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21 minutes ago, bc said:

@Hudson - I used to feel very similarly about the books in my collection until someone pointed out that we are just the current stewards of this property. Unless you bought it new off the rack, there was a steward before you.

Our ultimate goal is to preserve this slice of Americana for the next generation of stewards. This site is a magnet for the experienced collector as well as a training ground for new initiates (maybe a Boot Camp is a better analogy for some). What I'm trying to say is that we wouldn't be posting here unless we all took our stewardship duties fairly seriously.

As far as dealers, there are many on this site that have balanced the art of "compassionate" business as they started out as collectors as well and understand that intrinsic bond. They will be the ones I contact if I want to sell off a chunk of books at once.

I recently began selling off some under-copies and non-focus books here on the boards and was very, very happy to hear the new owners excitement about picking up the book(s). It made it much more personal than putting them on feeBay or going to an auction house - this alleviated the concerns that the books weren't going to a "good" home.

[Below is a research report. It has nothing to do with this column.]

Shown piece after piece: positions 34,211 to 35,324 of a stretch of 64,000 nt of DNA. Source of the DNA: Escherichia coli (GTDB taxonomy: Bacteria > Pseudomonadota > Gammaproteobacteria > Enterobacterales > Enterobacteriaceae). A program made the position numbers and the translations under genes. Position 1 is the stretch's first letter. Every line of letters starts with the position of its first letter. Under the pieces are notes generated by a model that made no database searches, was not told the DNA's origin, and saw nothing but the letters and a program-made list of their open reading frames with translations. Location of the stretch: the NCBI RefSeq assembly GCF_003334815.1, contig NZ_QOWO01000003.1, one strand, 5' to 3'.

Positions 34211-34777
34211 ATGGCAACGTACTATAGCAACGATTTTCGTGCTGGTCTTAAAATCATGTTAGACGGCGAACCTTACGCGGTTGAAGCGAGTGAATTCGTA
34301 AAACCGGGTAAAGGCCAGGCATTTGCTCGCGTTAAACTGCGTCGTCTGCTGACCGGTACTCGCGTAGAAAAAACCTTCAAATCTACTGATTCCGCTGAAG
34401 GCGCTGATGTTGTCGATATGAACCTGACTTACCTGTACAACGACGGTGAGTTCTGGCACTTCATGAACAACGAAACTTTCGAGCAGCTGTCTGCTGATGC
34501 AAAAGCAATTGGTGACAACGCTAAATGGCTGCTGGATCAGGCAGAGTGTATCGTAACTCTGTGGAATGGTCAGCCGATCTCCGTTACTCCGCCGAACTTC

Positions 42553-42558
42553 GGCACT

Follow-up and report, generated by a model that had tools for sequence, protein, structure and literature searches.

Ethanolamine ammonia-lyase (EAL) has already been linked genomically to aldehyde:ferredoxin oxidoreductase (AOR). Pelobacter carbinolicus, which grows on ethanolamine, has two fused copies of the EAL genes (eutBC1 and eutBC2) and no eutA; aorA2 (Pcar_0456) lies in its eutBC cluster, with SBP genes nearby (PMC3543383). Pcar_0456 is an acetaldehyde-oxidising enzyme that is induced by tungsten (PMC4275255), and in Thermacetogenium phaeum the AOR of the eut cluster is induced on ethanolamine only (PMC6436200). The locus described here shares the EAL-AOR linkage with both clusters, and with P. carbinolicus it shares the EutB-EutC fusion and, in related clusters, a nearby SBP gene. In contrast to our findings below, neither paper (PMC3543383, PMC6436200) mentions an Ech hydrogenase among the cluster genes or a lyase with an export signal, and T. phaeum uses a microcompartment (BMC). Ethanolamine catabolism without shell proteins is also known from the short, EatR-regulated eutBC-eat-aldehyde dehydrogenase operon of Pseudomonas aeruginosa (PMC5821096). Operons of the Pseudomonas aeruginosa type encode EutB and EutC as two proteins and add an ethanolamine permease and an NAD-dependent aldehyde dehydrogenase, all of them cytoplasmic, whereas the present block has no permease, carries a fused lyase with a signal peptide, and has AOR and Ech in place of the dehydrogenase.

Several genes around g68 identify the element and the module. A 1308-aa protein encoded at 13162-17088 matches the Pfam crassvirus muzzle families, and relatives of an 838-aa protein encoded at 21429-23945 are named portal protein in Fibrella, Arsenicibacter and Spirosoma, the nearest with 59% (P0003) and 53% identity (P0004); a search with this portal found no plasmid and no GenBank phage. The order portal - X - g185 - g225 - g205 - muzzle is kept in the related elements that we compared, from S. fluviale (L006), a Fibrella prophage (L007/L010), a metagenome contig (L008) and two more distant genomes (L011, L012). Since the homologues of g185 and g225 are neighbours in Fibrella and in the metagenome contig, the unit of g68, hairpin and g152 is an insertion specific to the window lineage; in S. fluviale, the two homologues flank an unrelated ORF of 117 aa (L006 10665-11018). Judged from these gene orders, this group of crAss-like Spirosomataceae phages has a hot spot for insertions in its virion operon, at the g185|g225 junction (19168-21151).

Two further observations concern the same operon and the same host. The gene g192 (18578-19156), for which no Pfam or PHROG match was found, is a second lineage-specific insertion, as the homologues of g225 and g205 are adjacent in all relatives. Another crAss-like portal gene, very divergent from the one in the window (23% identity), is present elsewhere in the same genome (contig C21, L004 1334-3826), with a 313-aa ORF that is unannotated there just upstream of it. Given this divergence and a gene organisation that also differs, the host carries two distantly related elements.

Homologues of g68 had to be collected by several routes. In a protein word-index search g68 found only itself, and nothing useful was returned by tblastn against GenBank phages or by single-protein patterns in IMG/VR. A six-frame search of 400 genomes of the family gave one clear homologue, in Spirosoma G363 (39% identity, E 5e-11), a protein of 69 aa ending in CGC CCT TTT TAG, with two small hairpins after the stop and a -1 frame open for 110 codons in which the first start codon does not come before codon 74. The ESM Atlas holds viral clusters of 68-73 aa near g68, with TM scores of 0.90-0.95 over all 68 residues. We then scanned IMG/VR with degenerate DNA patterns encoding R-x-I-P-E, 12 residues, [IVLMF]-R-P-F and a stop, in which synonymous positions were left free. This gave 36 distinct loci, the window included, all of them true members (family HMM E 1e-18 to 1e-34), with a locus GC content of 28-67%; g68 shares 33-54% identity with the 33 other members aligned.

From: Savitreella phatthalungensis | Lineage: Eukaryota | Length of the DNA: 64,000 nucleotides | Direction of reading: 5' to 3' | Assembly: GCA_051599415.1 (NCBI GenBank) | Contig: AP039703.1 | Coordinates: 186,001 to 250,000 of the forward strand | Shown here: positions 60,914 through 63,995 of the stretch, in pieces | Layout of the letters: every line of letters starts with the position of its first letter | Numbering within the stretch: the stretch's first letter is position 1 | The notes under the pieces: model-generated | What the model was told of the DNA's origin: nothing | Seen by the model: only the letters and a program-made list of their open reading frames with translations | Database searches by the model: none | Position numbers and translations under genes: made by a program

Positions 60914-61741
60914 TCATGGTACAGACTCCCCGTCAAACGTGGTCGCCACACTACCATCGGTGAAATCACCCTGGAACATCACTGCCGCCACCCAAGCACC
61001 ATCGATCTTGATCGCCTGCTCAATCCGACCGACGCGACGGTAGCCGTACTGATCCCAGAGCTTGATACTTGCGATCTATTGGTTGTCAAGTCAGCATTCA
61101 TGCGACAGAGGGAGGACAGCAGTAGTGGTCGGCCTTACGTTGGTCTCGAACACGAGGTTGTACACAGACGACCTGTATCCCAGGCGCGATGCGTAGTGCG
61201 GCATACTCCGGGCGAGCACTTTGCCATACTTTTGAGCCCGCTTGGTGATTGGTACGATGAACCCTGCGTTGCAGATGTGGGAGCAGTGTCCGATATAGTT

Like how you used the term "sentimental" as well in your post - seeing the books re-posted here by the new owners provided me significant satisfaction. Not quite on par with raising a child or anything, but nonetheless it reinforced the fact that others can gain some new happiness from something that sat silently in my closet for many, many years.

Good luck - I think many of us are grappling with this dilemma!

-bc

 

 

This is perhaps one of the best and most thought out responses I have read on the boards in a while.

Thank you for sharing your thoughts on this.